On July 20, Potomac Riverkeeper Network, USDA Forest Service, Corazón Latino and multiple partners hosted RioPalooza - an event focused on celebrating the river with friends and family. There were loads of activities to participate in ranging from rafting to dancing to a fish petting zoo! Despite some last minute cancellations due to a dreary weather forecast the night before, at least 40 people came from all over to spend a fun day at RioPalooza. People came from Washington DC, Virginia, Maryland, and Mexico! Talk about well traveled.
Upon arrival, everyone became well acquainted with U.S. Forest Service icon Woodsy Owl and his messages of conservation. Let’s just say that everyone gave a hoot and didn’t pollute. Will they lend a hand and care for the land? Stay tuned…
In the spirit of adventure, several families set off on a rafting trip down the scenic Shenandoah River. The river was calm, but that didn’t mean they didn’t get a workout - in total, the ride down the river took about two-and-a-half hours of light, yet persistent, paddling. Needless to say, everyone returned with an appetite and a sense of accomplishment. There was a feast of hand-made pupusas, carne asada, salad, and fruit awaiting them. Hunger pangs didn’t stand a chance against this delicious smorgasbord of Latin American foods.
Meanwhile, back at the campground, there were activities happening both above and below the water’s surface! Kids and adults alike threw on wetsuits, goggles, and snorkels and stuck their faces into the river to see the minnows, crayfish, and other critters swimming about below. One young woman overcame her fear of water to take a peek underneath the river’s surface and see the creatures beneath. The water was shallow, so to an observer, the river looked like a proverbial sea of snorkels, behinds, and flippered feet.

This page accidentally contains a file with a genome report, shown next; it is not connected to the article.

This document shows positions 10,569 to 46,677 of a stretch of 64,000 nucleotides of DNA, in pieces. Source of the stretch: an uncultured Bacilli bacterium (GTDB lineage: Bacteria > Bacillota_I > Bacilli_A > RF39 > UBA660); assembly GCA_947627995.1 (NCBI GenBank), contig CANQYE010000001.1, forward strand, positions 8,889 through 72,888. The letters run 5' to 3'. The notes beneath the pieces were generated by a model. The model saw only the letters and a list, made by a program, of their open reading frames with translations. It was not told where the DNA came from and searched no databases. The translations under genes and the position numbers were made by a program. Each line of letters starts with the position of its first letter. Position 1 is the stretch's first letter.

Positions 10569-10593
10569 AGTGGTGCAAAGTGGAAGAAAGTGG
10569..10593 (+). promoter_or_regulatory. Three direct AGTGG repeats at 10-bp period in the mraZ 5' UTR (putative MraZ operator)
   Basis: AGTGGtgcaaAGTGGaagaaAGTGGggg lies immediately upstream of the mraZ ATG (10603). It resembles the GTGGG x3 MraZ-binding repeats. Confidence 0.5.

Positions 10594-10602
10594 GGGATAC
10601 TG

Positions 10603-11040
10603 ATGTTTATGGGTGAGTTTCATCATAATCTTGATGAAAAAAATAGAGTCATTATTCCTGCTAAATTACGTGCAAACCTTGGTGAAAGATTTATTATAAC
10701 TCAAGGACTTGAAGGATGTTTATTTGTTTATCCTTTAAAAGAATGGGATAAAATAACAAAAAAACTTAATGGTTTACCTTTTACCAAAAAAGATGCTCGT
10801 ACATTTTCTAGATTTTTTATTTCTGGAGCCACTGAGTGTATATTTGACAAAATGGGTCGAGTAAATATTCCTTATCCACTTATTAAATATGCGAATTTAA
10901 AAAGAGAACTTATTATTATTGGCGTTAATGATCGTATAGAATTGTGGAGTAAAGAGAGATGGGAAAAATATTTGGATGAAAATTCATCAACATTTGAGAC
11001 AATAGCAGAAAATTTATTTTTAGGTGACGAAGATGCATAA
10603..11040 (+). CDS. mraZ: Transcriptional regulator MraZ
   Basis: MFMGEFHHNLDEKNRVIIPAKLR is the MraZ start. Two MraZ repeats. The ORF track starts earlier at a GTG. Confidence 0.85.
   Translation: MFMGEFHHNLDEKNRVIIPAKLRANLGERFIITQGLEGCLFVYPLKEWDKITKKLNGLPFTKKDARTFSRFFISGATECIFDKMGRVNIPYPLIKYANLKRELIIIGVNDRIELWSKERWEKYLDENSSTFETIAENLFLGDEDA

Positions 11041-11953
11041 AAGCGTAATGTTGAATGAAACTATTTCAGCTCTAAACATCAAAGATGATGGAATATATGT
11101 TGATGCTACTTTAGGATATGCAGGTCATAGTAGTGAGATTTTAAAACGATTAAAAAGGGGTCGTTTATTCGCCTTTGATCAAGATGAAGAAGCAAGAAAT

Back on land, the Buffalo Soldiers provided excellent historical accounts of their role in protecting public lands and our country for over 100 years. The 9th and 10th mounted cavalry troopers brought their horses and demonstrated the basics of horseback riding. Some folks were more interested in making a furry friend than going for a ride, and the horses seemed to welcome the attention. The rest of us were able to ride around the campground on some very well-mannered steeds and observe some of the other activities happening at the campground.
If you’d preferred to befriend Earth’s scalier creatures, the fish petting zoo would’ve been right up your alley. It was certainly a hit with the younger kids. A fish and wildlife expert set up a glass fish tank to exhibit a large, whiskered catfish, a sunfish, and a large minnow species. Passersby were drawn in by the opportunity to pet the fish and stayed to learn about the sources of pollution threatening their habitat in the Shenandoah River.
The day concluded with some dancing and danzatone. For those who aren’t familiar, danzatone is similar to zumba but with more choreographed dance moves worked in. With the music turned up, everyone danced salsa and worked up a sweat before winding down for a raffle. Our partners at the Hispanic Access Foundation brought some awesome outdoor gear which was given to the winning ticket holder. It was a great way to end a fantastic day celebrating the Wild and Scenic Shenandoah river!